The definition for shrewd is “having or showing an ability to understand things and to make good judgments; mentally sharp or clever; marked by clever discerning awareness and hardheaded acumen” (quote source here). “Wise” is another term for shrewd. It’s not a namby-pamby niceness that is so pervasive in Christian settings today or going along with the crowd. It’s very much like what Joseph Brodsky stated above–“extreme individualism, originality of thinking, whimsicality, even–if you will–eccentricity.” In other words, it’s not going along with the crowd but rather it is focused on what Jesus taught his disciples when he sent them out into the world. Read Matthew 10 if you think that isn’t true.
“To be wise means to be marked by understanding of people and situations, to have keen and unusual discernment, and a capacity for sound judgment in dealing with people and situations. Prudent would also be an appropriate synonym.
“To discern means to detect with the eyes and with senses other than vision. It also means to read character or motives. We would all do well to have this ability. In place of ‘wise,’ other translations use ‘shrewd’ and ‘wary.’ Shrewd means to be practical and to be given to an artful way of dealing with situations and people. To be wary is to use watchful prudence in detecting and escaping danger” (quote source here).
On the “harmless” (or innocent) side of Jesus’s statement in Matthew 10:16, John McClain states:
“To be harmless is to lack the capacity to injure or to be free from inflicting physical or mental damage. Other translations use ‘innocent’ or ‘inoffensive’ instead of ‘harmless’ for this verse. Innocent means to be harmless in effect or intention. Inoffensive means to be giving no provocation.
“Doves aren’t referred to as the birds of peace for nothing. Their temperament is calm and their disposition is sweet. Doves do not bite. At most they might slap you with a wing if they are guarding the nest or do not want to be picked up. Doves really are harmless” (quote source here).
Being able to do/be both at the same time (e.g., shrewd/wise and innocent/harmless) takes skill and the power and wisdom of the Holy Spirit’s leading and guidance in our lives (see Jesus’ statement to his disciples shortly before his crucifixion in John 16:12-15). If we don’t spend regular, consistent time with Jesus Christ through the study of the Bible, praying also for wisdom and discernment/understanding, and developing a relationship with him, we cannot learn how to be both shrewd and innocent in our dealings with others and the circumstances that enter our lives. Indeed, we will often not spot trouble even if it is staring us in the face. If you want to learn how to recognize the Holy Spirit’s leading in your life, here’s an article titled, “How Can I Recognize the Guidance of the Holy Spirit?” on the topic to get you started (click here).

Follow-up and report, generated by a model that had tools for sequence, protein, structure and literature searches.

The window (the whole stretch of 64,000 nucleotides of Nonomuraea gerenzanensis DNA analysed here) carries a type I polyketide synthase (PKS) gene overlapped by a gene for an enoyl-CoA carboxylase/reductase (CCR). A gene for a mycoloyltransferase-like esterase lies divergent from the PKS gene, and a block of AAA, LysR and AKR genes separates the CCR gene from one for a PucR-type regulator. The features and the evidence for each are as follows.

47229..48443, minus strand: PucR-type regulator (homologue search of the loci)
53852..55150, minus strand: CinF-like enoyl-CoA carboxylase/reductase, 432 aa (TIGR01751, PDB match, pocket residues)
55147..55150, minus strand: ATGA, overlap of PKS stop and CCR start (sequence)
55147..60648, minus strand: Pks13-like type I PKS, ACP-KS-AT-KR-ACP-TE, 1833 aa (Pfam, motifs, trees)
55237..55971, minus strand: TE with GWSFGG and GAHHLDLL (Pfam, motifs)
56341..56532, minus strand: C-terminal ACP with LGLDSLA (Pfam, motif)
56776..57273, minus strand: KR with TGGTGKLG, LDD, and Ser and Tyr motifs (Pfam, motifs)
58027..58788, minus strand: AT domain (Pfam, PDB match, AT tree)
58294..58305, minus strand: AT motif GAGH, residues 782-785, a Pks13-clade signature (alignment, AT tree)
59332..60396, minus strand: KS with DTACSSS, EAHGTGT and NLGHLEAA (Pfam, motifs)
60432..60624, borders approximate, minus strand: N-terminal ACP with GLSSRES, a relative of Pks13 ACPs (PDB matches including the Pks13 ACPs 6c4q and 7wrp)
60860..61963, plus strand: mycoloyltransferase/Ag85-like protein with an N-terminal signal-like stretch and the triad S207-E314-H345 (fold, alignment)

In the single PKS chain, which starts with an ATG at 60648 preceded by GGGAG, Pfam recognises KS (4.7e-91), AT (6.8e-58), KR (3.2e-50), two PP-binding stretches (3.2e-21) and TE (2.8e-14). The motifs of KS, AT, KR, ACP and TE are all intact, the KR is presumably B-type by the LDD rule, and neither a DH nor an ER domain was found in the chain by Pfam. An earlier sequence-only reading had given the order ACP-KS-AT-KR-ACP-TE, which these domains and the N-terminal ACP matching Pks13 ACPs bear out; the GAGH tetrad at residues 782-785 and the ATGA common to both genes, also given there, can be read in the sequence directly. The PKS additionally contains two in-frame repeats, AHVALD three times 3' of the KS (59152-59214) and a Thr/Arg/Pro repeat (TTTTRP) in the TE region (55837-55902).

“The only thing necessary for the triumph of evil is for good men to do nothing.”
“Looking the other way” in the face of evil is, unfortunately, commonplace. Failing to realize that evil left unattended will eventually have enormously detrimental effects at some future point in time is one of the greatest failures of mankind that has been repeated throughout history (again, see the example of Adolf Hitler and Nazi Germany). As Wayne Greeson states in an article titled, “When Good Men Do Nothing”:
“Time and again those who profess to be good seem to clearly outnumber those who are evil, yet those who are evil seem to prevail far too often. Seldom is it the numbers that determine the outcome, but whether those who claim to be good men are willing to stand up and fight for what they know to be right. There are numerous examples of this sad and awful scenario being played out over and over again in the scriptures . . . .
“Too many Christians and too many churches do nothing. They are standing idly by, they are mere spectators. They sit on the sidelines instead of actively participating and working for the good. If good wins, they join in the celebration though they did nothing to produce the victory. If evil wins, they will complain long and loud though their own apathy helped produce the undesirable result” (quote source here).
This world of ours is a battleground, not a playground. At the end of the article titled, “The Great Deception in the American Church,” the author makes the following statement that we all need to ask ourselves:
“Are you in touch with your true spiritual condition? Or are you allowing the pop culture around you to dictate your standards? Are you conforming to the world’s standards or to the Bible? Are you deceived? How can a nation of people among whom a large percentage claims to be born-again Christians experience the kind of degradation the above statistics reveal? Such deception is the state of America today, and the above statistics reveal the fruit of it.